Missing average price


#1

I’ve heard that the ‘Average Price’ that used to show up in place of ‘Starting Price’ has been removed, and probably for good.

Now that I think about it, it was probably a pretty useful feature. Though I’ve got my gig packages prices fixed, I’ve worked for as low as $5, and at the same time, tackling orders of $150. In the designing part of freelancing, there’s no general price for tasks, each has its own custom requirement, unlike the content writing gigs, where you can price according to the number of words.

The average price option showed that no matter what the gig package price is, the price could vary depending on different tasks. It’d be great to have that show up on gigs again.


#2

Yes, but it was potentially misleading for a lot of people too.
It meant that those who successfully managed to upsell their services (to everyone’s advantage) were shown to be more expensive than their peers. The reality is that no two gigs are the same and so an average price showing does not actually make sense - what is an average sized piece of string? What is an average wage? Far too many variables for things to be averaged out like that.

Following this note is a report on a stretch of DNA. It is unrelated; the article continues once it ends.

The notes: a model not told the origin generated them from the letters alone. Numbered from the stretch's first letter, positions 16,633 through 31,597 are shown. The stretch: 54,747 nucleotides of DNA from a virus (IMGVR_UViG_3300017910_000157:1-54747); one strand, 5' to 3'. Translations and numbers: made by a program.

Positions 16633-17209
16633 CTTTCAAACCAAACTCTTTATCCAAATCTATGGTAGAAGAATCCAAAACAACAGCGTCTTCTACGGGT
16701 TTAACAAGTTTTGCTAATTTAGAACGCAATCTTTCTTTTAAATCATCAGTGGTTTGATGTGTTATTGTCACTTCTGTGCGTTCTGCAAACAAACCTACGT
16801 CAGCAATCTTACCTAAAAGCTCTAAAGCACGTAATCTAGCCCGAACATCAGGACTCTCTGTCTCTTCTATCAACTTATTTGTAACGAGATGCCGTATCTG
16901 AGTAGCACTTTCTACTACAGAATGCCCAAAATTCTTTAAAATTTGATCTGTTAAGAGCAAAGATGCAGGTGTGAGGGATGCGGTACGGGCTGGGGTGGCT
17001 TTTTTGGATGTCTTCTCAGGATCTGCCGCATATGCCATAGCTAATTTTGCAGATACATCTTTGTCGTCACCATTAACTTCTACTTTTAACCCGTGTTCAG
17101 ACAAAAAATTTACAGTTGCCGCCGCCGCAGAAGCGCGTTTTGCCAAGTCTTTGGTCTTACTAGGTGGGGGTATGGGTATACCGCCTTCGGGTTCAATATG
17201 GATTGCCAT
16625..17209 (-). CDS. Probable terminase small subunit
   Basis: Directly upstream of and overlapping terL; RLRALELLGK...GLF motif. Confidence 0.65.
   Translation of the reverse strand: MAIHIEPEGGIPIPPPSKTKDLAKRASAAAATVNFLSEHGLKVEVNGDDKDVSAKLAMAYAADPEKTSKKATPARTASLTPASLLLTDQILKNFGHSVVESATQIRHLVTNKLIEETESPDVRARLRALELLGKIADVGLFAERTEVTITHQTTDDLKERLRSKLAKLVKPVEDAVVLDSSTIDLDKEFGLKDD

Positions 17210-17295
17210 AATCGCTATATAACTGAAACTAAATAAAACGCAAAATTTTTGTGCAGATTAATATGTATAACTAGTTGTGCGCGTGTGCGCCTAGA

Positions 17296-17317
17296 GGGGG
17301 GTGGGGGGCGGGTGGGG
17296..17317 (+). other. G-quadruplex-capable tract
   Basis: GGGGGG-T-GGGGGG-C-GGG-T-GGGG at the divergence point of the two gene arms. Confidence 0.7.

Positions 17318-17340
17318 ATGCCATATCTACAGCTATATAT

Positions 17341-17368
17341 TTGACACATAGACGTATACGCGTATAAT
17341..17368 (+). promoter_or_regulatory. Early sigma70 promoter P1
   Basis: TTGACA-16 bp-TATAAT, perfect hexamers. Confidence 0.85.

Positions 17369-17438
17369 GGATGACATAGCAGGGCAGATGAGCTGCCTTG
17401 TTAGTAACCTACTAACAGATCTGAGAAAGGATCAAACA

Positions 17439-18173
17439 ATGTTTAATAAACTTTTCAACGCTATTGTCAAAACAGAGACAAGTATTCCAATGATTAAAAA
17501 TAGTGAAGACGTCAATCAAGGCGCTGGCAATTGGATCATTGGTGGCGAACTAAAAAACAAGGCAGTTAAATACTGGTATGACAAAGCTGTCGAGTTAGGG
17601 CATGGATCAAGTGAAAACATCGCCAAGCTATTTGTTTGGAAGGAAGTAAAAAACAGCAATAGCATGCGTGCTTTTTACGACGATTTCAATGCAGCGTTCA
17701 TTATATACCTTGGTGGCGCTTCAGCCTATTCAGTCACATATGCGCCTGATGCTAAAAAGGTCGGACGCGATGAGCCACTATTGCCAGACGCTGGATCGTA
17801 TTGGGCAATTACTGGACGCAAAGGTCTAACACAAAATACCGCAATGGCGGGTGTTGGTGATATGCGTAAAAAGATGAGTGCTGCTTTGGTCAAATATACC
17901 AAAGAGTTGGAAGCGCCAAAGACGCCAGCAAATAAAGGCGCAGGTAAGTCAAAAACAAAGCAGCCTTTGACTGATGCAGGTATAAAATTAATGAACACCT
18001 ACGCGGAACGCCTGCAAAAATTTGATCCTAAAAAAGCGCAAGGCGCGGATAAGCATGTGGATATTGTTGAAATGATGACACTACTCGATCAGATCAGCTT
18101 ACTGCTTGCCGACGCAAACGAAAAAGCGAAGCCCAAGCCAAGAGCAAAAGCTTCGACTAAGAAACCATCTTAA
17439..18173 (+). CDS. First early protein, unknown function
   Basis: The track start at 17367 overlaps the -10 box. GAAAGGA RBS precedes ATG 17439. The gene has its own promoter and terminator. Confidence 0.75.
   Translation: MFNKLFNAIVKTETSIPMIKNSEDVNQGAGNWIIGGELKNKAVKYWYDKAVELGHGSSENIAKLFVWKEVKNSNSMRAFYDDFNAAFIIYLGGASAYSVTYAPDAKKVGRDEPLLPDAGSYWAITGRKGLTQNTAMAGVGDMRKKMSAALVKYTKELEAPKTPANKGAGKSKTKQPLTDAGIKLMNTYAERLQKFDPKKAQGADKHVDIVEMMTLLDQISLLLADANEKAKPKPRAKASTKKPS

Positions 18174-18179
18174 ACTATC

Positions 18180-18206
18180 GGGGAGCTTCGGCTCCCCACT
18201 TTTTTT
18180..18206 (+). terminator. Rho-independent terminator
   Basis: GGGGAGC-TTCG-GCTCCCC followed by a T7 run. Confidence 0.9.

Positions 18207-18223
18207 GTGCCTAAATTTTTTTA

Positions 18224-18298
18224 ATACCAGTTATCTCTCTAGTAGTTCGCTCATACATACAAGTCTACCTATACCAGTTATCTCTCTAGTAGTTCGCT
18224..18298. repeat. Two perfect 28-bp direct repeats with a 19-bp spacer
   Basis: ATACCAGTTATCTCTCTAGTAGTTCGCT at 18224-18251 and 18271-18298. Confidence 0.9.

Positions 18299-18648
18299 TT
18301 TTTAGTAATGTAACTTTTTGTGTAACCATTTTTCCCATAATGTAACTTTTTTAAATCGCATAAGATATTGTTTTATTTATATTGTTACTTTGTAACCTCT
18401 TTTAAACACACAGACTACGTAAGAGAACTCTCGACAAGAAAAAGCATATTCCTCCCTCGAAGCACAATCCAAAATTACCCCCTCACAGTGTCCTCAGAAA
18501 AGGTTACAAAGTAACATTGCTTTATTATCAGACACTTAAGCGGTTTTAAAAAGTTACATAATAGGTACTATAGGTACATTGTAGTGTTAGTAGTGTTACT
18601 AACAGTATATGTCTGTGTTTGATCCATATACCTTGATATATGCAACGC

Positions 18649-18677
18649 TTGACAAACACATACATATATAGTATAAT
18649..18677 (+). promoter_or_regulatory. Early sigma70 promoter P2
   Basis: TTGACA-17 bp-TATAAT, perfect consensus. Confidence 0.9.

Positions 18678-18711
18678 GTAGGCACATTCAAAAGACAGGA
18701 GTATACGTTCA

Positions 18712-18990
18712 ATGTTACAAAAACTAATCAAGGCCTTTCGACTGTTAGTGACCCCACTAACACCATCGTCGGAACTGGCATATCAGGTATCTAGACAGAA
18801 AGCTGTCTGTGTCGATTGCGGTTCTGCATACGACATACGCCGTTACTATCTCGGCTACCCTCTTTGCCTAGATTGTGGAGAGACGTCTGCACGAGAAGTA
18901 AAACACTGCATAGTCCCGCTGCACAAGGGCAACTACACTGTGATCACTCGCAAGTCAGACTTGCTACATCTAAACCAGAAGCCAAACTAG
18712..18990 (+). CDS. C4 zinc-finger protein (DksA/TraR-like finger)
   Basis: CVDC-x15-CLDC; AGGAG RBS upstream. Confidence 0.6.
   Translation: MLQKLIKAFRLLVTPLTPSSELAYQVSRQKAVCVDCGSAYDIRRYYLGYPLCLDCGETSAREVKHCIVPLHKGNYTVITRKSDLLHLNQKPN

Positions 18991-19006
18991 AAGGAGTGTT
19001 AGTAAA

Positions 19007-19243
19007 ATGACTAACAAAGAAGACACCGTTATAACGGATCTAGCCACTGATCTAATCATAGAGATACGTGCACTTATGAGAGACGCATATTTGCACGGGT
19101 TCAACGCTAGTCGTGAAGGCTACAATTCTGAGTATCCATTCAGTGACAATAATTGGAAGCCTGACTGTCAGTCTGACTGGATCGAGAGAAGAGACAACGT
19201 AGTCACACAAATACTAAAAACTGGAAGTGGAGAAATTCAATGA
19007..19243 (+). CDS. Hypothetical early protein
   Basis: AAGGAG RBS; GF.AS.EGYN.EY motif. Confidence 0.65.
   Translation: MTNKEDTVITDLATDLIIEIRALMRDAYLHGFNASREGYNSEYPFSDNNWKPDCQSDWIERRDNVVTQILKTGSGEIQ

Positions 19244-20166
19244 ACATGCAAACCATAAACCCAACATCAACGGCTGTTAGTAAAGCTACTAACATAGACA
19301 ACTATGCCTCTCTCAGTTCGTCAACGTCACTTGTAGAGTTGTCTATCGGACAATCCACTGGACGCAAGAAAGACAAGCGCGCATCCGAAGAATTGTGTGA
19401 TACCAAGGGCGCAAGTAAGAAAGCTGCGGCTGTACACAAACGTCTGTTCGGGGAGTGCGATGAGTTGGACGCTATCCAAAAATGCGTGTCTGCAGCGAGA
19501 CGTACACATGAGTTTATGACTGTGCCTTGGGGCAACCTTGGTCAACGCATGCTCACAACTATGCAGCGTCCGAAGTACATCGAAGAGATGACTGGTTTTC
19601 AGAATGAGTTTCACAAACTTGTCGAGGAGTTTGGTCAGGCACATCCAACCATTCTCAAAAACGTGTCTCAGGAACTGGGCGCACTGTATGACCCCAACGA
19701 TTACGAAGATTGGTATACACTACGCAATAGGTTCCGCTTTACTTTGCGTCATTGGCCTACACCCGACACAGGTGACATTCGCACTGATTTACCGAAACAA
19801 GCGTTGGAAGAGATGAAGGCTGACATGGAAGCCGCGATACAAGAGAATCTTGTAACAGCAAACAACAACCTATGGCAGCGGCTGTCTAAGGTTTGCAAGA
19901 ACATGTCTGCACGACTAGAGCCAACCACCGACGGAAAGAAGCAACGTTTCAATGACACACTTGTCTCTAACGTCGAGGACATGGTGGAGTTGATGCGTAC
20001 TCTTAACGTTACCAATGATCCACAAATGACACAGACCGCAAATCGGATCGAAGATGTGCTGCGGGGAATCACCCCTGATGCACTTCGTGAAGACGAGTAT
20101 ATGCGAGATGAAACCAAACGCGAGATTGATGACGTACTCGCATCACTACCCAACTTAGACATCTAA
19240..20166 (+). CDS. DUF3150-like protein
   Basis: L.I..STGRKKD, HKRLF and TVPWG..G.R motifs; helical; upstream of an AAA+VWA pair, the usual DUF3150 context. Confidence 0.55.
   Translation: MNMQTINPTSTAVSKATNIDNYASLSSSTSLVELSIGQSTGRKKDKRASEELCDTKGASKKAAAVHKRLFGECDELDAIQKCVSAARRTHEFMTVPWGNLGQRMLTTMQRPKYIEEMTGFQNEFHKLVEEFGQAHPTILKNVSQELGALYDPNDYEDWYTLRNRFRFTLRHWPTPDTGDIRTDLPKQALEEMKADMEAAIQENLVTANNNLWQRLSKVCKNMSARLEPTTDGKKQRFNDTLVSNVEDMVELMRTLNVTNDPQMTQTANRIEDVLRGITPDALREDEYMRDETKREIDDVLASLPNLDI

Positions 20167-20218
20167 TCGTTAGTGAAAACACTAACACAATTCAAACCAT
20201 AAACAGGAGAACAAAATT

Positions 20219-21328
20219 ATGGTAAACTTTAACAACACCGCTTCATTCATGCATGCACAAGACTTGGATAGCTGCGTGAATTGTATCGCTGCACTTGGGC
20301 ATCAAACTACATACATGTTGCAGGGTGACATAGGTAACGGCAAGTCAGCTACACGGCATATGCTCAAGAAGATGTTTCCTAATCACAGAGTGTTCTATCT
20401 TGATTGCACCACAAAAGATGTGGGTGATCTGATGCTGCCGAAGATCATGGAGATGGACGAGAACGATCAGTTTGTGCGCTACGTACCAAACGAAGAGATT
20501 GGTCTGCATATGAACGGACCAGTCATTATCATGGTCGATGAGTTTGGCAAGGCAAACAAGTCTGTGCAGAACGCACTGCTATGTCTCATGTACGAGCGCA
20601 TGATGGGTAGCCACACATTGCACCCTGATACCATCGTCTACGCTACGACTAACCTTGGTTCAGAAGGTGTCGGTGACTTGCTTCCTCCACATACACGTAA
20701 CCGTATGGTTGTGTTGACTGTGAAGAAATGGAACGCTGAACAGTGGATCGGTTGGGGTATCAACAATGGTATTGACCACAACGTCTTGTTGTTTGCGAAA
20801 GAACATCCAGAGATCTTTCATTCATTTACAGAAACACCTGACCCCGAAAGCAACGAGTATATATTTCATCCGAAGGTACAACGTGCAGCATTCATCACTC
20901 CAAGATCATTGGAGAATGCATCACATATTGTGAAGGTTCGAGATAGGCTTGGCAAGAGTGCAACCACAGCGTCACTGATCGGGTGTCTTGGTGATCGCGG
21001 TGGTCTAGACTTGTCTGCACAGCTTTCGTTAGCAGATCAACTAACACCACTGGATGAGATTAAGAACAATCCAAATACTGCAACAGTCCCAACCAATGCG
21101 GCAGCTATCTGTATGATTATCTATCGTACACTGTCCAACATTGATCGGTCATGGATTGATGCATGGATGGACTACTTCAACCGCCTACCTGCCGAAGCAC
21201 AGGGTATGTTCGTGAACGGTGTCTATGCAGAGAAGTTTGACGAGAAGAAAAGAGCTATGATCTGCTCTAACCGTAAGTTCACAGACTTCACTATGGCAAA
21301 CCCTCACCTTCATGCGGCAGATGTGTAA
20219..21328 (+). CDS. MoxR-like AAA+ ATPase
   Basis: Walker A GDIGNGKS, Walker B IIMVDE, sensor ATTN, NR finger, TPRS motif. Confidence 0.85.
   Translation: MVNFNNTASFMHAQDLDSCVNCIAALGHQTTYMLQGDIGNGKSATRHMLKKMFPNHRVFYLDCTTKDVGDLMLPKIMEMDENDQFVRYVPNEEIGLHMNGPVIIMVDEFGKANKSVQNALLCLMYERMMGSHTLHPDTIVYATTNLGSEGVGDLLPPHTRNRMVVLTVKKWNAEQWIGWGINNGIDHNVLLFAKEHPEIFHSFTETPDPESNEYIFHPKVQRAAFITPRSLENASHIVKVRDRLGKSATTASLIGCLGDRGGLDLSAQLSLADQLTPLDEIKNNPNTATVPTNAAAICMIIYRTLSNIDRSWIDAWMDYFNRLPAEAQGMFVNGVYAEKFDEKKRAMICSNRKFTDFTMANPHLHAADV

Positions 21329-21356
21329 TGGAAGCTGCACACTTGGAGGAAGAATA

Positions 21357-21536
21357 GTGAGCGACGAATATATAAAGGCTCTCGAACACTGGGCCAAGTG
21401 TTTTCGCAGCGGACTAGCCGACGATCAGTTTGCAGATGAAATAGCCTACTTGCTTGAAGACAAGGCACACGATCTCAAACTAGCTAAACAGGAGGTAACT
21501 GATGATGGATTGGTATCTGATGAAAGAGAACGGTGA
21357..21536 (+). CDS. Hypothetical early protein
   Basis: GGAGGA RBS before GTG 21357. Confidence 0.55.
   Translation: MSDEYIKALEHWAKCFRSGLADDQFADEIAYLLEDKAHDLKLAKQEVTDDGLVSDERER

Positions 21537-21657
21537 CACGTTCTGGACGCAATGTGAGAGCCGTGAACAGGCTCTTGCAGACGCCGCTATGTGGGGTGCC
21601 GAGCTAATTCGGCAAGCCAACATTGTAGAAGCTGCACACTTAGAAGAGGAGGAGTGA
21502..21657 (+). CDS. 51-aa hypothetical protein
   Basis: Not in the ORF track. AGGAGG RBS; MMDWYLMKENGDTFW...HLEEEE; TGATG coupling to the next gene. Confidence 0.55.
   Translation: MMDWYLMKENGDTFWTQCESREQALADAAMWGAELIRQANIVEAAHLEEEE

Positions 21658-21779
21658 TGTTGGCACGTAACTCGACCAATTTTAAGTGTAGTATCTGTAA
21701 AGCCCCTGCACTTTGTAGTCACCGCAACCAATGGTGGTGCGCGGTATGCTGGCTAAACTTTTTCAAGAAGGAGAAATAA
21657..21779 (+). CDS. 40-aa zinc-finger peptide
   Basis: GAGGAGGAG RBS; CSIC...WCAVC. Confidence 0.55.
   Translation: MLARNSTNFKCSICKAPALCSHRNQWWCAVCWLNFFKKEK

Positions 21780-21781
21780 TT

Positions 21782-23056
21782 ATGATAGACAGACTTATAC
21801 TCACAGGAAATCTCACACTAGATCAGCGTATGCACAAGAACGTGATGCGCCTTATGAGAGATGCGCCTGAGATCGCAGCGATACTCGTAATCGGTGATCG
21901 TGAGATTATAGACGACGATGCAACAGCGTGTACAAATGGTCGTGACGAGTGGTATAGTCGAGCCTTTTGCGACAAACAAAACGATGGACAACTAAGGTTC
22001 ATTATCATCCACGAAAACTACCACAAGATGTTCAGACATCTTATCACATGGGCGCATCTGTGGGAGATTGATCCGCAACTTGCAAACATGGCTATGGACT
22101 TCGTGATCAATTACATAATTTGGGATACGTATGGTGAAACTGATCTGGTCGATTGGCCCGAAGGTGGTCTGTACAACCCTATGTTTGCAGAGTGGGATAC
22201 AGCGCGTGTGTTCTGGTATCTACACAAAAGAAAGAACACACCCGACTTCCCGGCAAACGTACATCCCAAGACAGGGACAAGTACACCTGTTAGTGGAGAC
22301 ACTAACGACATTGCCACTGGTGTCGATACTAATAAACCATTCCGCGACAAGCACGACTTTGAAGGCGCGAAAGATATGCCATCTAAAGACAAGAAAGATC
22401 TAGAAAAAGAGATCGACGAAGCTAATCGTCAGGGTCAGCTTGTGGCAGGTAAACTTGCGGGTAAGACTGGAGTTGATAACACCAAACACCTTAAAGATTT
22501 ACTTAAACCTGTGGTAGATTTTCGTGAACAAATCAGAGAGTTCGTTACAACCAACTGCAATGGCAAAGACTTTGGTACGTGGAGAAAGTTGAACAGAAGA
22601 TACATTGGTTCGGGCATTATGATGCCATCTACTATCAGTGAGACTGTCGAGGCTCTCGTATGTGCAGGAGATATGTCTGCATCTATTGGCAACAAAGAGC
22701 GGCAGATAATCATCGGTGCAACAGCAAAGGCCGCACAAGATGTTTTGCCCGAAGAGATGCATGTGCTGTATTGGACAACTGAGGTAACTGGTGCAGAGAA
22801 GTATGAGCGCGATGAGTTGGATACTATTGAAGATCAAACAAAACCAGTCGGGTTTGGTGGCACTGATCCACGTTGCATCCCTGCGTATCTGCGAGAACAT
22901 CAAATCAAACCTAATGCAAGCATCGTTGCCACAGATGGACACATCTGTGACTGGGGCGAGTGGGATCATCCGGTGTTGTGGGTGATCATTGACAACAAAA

#3

I am 100% certain that I lost a very valuable repeat client because of the average price fiasco. Every two weeks without fail for almost a year, this buyer has requested custom offers equivocal to $200. About two months ago, however, they messaged me as usual asking for a custom offer. I let the buyer know that I wasn’t at my computer but since the price and delivery time would be the same if they ordered directly, they should do that.

The last I heard from them was, ‘you’re joking right?’

In this case, I’m assuming that this buyer has used the search to find my gig, seen a $34 average price instead of $10 and assumed that I have exponentially raised my prices. Now that is just one buyer whom I know has possibly been deterred by this. It’s funny, though, how sales on all my gigs have fallen off a cliff at the same time.

People need to remember this. Even repeat buyers use the search to find people who they regularly work with. Moreover, if there is one thing everyone in the world hates, it’s not being able to figure out what the actual price of something is at first glance.

Would you pick up a loaf of bread in the supermarket with an average price of $5? Probably not. Especially since you can pop to the next store where each loaf is priced individually and more reasonably.